The Type R’s H-shaped torsion beam rear suspension has been made of crushed pipes rather than a solid block (as on the garden-variety car) which improves rear roll rigidity by 177% and removes the need for a rear anti-roll bar, thus saving weight. Very high resistance trailing arm bushes also help to improve lateral rigidity, allegedly.
The car also gets Agile Handling Assist which operates through the Vehicle Stability Assist system and applies a light braking force, imperceptible to the driver, to the inner wheels when the steering wheel is turned. The result is increased vehicle responsiveness and stability.
Ensuring the Civic Type R can stop is a Brembo brake package developed specifically for the thing. At the front, four-piston calipers clamp 350mm discs – the largest ever to have been installed on a production Type R model – which are drilled to aid cooling under extreme load. The diameter of the rear discs was increased by 20mm, as well as the thickness, in order to increase heat capacity and improve performance.
The new Civic Type R debuts the new ‘+R’ mode that “increases the response of various chassis and drivetrain systems. This delivers an even more intense driving experience which is ideal for the track”. Located to the left of the steering column for left-hand drive cars, and to the right for right-hand drive cars, when +R mode is activated a number of visual changes alert the driver. The floating dial surrounds in the instrument binnacle change from glowing white to glowing red. A +R logo is displayed to the left of the rev indicator and the Idling Stop system is disabled.
With +R mode selected, several dynamic changes are activated within the Civic Type R’s powertrain and dynamics systems:
“Engine responsiveness is heightened, with torque-mapping changed to a more aggressive and performance-focused setting allowing more of the available torque to be unleashed at lower engine speeds. The electronic power steering becomes shorter-geared with reduced power assistance to provide a heavier and tighter steering feel.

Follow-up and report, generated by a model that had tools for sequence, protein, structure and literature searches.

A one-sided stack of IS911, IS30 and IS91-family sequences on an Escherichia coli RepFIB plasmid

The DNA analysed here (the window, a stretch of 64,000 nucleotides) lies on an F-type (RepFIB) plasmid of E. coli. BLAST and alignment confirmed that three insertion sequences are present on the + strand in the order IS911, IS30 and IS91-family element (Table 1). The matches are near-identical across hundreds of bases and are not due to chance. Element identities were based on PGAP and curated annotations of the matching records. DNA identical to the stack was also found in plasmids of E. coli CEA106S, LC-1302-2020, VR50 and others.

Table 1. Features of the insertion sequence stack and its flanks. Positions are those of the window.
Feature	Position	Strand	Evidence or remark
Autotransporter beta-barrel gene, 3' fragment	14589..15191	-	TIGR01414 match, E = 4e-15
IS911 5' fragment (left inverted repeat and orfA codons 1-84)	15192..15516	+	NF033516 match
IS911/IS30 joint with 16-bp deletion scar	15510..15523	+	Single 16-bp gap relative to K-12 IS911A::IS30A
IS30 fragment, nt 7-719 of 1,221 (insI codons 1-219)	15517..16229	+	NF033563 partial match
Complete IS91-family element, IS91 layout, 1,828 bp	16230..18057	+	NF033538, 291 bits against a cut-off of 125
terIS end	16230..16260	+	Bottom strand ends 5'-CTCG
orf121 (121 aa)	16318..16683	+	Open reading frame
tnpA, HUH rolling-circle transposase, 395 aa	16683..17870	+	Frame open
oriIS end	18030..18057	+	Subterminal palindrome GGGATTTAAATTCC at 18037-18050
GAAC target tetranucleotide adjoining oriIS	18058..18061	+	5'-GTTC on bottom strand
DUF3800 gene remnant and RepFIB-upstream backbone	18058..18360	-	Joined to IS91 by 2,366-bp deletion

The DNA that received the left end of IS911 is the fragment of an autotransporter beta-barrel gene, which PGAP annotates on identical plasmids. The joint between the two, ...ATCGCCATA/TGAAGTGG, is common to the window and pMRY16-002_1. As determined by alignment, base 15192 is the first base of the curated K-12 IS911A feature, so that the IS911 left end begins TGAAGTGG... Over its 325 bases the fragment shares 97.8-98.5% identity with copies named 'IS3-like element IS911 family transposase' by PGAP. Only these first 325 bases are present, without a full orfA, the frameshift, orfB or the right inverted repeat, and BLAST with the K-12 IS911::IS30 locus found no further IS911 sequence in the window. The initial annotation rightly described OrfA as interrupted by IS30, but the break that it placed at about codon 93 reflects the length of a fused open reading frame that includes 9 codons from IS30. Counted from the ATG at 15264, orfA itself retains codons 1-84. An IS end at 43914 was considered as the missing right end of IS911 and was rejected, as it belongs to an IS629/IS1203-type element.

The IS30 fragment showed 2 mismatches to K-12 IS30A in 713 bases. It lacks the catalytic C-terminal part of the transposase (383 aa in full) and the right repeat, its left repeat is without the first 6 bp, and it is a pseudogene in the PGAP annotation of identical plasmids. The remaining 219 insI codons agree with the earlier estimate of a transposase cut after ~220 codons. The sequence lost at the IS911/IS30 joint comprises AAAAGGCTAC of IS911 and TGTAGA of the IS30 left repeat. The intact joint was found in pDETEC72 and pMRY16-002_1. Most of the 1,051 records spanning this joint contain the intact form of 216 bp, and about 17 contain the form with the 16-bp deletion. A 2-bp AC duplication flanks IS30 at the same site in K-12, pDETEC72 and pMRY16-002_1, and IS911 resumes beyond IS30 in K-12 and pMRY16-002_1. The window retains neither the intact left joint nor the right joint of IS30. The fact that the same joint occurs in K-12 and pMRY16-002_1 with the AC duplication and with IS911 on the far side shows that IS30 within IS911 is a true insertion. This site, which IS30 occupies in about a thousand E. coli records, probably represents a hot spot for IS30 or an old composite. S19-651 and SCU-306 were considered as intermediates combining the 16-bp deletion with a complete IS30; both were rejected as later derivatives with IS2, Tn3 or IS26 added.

“Basic damping force from the new four-point Adaptive Damper System is increased by 30% making the behaviour of the car firmer and more agile for high-performance handling. The Vehicle Stability Assist programme is adjusted to focus on acceleration and performance, allowing a greater yaw and slip rate before intervening.”
The all-new Honda Connect infotainment system is standard to the new Civic Type R. Honda Connect runs Android only, and employs the familiar ‘pinch, swipe and tap‘ functionality of a smartphone to access its features. The new system’s functions include: internet access, pre-installed apps, Honda App Centre, AM/FM/DAB and internet radio, phone interface and Bluetooth connectivity and steering wheel controls and rear-view parking camera with dynamic guidelines. Sound is fed through a six-speaker 320-watt sound system.
At the time of writing Honda still hadn’t publicly announced it would import the Civic Type R into Australia. Despite speculation back in December the car would be coming to Australia, Honda Australia boss Stephen Collins told Practical Motoring back in March the thing was on a wish list with plenty of local demand, but that there was no firm decision yet. We’ve asked the question of Honda Australia now that the Type R has been launched in the UK and we’ll update this story when we hear back.